85. Write your definition of revolution. Then use this definition to argue that the industrial revolution was or was not a revolutionary event.

86. To what extent did each of the following play in the development of industrialization of the American economy: technology, immigration, investment, government aid, and internal improvements?

87. Rank the following in terms of their contribution to industrialization: cotton gin, principle of interchangeable parts, Erie Canal. Justify your ranking.

88. Identify the single most significant development in (a) manufacturing technology, (b) transportation, (c) communications technology, and (d) business organization that encouraged industrialization in the United States. Explain your choice in each category.

89. List the five most important inventions of the early nineteenth century and rank them in order of importance. Justify your ranking.

90. Assess the validity of the following statement, “the Erie Canal was the single most important accomplishment contributing to economic expansion prior to the coming of the railroad.”

91. The text's authors claim that on the eve of the Civil War, “a truly continental economy had emerged… [in which] the principle of division of labor…applied on a national scale.” Briefly explain the operation of this “national” economy and its political implications.

92. If America is indeed a “nation of immigrants,” why does it have a history of native prejudice toward new immigrant groups?

93. Explain the impact of the market revolution on American workers, including women.

94. What traits fostered by America's early-nineteenth-century frontier experience are less than admirable? Why did they become American traits?

95. Compare and contrast the Irish and German immigrants of early-nineteenth-century America in terms of their motives for leaving Europe, pattern of settlement in the United States, impact on American life, and reception by native-born Americans.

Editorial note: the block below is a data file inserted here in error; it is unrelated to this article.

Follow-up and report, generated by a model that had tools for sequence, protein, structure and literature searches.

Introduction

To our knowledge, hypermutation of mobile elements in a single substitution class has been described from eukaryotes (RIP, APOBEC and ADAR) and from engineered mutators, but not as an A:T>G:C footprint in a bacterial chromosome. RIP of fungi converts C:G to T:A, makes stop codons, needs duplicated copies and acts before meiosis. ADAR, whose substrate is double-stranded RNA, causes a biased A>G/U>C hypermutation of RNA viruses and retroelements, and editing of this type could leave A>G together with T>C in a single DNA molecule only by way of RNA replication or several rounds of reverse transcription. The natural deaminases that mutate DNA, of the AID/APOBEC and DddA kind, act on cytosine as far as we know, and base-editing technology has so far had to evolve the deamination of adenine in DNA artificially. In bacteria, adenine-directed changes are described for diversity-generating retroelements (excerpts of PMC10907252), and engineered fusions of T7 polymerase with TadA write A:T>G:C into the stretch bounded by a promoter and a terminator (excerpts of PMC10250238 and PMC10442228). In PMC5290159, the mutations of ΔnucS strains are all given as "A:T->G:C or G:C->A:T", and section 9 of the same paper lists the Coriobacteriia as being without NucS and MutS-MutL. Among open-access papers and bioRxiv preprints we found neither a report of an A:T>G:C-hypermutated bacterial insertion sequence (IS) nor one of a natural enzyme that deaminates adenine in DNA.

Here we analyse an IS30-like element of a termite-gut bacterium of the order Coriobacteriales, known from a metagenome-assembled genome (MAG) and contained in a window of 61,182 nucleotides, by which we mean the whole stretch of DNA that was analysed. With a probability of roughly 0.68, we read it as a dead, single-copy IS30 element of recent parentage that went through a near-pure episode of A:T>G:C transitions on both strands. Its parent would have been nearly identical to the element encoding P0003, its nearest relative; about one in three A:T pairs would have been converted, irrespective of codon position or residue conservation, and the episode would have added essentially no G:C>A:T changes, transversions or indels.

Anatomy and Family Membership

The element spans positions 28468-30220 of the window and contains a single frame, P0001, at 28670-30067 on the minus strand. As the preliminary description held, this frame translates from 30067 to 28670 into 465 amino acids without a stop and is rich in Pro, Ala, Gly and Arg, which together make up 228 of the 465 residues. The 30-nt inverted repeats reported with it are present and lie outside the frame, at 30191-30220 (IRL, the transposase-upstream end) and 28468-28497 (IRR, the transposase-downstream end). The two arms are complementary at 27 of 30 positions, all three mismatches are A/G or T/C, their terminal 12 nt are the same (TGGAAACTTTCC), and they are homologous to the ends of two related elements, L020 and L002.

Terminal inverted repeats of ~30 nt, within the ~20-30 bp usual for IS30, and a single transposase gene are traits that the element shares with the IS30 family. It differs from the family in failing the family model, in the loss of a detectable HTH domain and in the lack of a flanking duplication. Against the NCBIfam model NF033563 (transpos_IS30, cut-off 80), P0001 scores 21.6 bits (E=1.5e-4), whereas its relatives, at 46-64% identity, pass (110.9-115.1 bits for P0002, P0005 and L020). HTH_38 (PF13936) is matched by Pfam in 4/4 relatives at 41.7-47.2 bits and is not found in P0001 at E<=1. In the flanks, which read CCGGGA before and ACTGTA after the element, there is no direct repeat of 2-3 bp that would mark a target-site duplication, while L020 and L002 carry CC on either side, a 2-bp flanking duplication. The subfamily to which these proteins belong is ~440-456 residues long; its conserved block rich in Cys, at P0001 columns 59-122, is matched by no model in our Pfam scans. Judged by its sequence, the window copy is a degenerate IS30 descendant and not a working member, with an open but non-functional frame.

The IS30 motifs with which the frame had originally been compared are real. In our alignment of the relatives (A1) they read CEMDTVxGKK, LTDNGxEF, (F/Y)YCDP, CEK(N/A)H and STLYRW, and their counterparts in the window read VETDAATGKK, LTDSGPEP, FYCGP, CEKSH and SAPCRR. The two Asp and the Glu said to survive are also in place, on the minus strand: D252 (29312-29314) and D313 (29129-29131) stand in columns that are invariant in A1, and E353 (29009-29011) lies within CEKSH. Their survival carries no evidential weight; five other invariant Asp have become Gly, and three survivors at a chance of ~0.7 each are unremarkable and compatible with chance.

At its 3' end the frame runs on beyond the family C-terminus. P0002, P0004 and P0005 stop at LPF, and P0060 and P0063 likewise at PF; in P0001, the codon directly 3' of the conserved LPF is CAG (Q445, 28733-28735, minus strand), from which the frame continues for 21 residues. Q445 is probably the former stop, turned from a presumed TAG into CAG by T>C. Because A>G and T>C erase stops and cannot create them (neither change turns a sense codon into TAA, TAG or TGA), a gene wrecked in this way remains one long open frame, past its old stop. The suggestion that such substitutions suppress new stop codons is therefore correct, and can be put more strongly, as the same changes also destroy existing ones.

96. The text's authors state that “the West, with its raw frontier, was the most typically American part of America” in the early nineteenth century. Explain what they mean by this remark. Do you agree or disagree? Why?

97. It has been claimed that the frontier acted as a “safety valve” for the East, allowing the discontented to begin an alternative life on the frontier. To what extent does this seem to have been true?

98. Assess the validity of the following statement, “The cotton gin affected not only the history of America but that of the world.”

99. How did Eli Whitney make the American Civil War more likely and at the same time give the Union an advantage once the war began?

100. Why were women prominent in the reform crusades of the early nineteenth century? What contribution did they make to social reform?

101. Why did the communitarian movement flourish in the early nineteenth century? What were communitarians trying to prove? Why did most fail?

102. How did each of the following encourage social reform: Second Great Awakening, industrialization, nostalgia for the past?

103. Write your definition of paternalism. Then use this definition to argue that early-nineteenth-century American reform efforts were in part paternalistic endeavors by middle-class Americans to “do something for” the less fortunate.

104. What do you find the single most worthwhile reform movement of the early nineteenth century? Why?

105. What was the relationship between industrialization and the women's rights movement? What did women reformers want?

106. In what ways did American literature in the early nineteenth century reflect the New Democracy of the Jacksonian age?